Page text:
Dog Spaying & Neutering and Cat Spaying & Neutering (Around 5-6 months)

Spaying or neutering your new pet is an essential part of responsible pet ownership. This procedure can help prevent unwanted litters, as well as reduce the risk of certain health and behavioral issues. Most veterinarians recommend spaying or neutering cats when they are around 5-6 months of age. For dogs, however, the decision about when to have the procedure done involves several factors. Spaying and neutering are typically very safe procedures, and in most cases, your pet can return home on the same day. It’s important to follow your veterinarian’s post-operative care instructions and monitor your pet closely for any signs of complications.

House Training

House training is a crucial procedure for young puppies and kittens, necessitating patience and a consistent approach. Puppies and kittens possess an innate inclination to relieve themselves beyond their designated space. Upon bringing your new pet home, promptly initiate the process of instructing them where they can eliminate waste. Develop a set schedule for feeding and bathroom breaks, ensuring to take them outdoors frequently, particularly after meals, play sessions, and naps. Commend and reward them with praise and treats when they successfully eliminate waste outside, refraining from punishing them for accidents that may occur indoors.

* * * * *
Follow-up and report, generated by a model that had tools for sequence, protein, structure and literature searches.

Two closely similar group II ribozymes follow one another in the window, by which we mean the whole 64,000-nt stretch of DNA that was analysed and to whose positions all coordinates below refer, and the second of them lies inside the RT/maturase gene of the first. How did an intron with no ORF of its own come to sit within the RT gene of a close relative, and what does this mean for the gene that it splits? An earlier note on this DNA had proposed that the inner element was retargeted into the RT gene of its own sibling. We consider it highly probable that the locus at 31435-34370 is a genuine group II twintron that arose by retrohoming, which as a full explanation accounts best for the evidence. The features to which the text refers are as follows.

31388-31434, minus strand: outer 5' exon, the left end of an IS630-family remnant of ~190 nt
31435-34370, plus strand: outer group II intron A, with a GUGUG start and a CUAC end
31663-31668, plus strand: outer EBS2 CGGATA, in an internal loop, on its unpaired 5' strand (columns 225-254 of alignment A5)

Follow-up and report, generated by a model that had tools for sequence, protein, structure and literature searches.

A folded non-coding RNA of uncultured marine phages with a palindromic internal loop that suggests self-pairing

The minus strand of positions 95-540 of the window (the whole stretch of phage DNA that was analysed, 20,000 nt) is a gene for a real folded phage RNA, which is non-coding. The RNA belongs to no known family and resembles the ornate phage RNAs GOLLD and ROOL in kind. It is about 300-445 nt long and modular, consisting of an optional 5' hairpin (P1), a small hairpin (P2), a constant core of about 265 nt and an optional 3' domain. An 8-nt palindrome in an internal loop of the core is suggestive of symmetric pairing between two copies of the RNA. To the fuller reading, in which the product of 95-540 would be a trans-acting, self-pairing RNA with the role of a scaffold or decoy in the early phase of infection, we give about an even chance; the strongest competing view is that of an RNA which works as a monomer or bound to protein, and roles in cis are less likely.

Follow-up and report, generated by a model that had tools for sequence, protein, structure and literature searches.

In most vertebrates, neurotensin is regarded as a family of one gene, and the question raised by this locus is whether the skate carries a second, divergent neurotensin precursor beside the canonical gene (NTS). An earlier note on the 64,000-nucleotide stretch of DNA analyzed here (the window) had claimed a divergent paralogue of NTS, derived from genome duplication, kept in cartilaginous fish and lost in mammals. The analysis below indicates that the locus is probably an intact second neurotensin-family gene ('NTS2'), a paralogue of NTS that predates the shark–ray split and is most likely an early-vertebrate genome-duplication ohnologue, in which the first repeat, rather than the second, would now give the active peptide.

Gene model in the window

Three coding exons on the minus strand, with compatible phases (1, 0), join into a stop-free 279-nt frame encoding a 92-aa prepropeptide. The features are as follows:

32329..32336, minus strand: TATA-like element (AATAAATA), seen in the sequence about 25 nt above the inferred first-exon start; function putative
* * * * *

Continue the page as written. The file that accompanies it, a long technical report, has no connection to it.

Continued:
Behavior Training

Behavior training is an essential part of your new pet’s life, and it will help them become well-behaved and happy members of your family. Basic training commands such as sit, stay, come, and heel, can be taught with positive reinforcement techniques such as treats, praise, and playtime. Socialization is another crucial aspect of behavior training. Exposing your new pet to various situations and people will help them become comfortable and confident in different environments. You can also enroll your puppy in socialization classes to help them learn valuable socialization and behavior skills.

Microchipping

Microchipping is a simple procedure that can help ensure your pet is always safe and can be reunited with you if they become lost. A microchip is a small, permanent ID tag that is implanted under your pet’s skin. The tag contains a unique identification number that can be read with a special scanner. Most animal shelters and veterinarians have these scanners, so if your pet becomes lost and is found, they can be easily scanned and returned to you. Microchipping is a painless procedure and can be done during a regular veterinary exam.

Pet Insurance

Pet insurance is a good way to protect your new pet’s health and your finances in case of unexpected illnesses or injuries. Most pet insurance policies cover a range of veterinary services, including routine exams, vaccinations, surgeries, and medications. Before choosing a policy, make sure you understand the coverage and any exclusions or limitations. You can also talk to your veterinarian about which policy they recommend.